Language policy has a positive social impact, however it is not always fully accepted among European Union member states. Now, all European Union institutions propose common membership in the EU and seek to promote support for linguistic diversity. However, this raises several concerns with regards to inclusion of migrant children and alleviation of language barriers. This can be explained by a low number of dominant languages, which may weaken multilingualism. One of the major challenges the EU faces is how to improve effectiveness and efficiency of the education policy, which would potentially protect migrant children and spread linguistic diversity. This can be addressed by balancing multilingualism with the dominant official languages of the host countries. With regards to this, the notion of non-discriminatory principle should be applied in the language policy. EU level language policy thus far lacks competence and is based on the official state of language in member countries. At the EU level, all official languages of member states are specified in the treaty defining them as such, giving them the right to be used in all EU procedures.This rigid approach to language hinders the inclusion of migrant children in the member states.
Language is the most common barrier to integration and education. Lack of comprehension can make them feel stressed, anxious, and bored in the classroom. It can ultimately lead to behavioural problems and failures in school, which in turn can result in early dropouts. To mitigate such risks, schools should provide sufficient support to help young students learn and master the language of the host country and educate teachers on their linguistic needs as much as possible.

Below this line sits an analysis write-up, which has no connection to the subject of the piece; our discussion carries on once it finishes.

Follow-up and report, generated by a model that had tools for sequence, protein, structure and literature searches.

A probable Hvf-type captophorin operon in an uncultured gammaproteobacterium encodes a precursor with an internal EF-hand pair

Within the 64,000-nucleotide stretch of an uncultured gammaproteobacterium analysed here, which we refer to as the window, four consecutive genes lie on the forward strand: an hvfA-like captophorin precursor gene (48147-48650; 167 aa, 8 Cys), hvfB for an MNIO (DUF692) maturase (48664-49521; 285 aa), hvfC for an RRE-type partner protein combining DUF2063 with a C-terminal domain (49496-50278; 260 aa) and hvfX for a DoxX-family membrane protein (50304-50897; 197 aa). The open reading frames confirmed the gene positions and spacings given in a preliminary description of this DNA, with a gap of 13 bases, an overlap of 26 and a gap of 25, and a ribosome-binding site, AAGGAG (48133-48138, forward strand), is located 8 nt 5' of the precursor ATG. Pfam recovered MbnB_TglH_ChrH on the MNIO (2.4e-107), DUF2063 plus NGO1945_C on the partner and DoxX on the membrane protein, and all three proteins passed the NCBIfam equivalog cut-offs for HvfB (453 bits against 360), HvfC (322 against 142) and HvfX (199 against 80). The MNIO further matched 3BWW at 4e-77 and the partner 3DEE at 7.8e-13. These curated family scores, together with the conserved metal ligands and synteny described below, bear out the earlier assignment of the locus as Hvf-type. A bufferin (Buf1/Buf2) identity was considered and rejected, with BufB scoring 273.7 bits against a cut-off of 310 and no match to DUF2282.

Many research papers point out that the first generation of immigrants in the European Union often possess lower quality jobs and have a high unemployment rate even though one third of them possess a tertiary education diploma. Having a diploma allegedly makes it easier for people to find job offers, yet those highly educated immigrants struggle to be in a workforce compared to native born citizens. Nearly half of immigrants who have a diploma from a country outside of European member states have jobs which only have low education requirements. Due to a high unemployment rate and lack of economic resources, second generation immigrants suffer from socio-economic inequalities in the hosting states.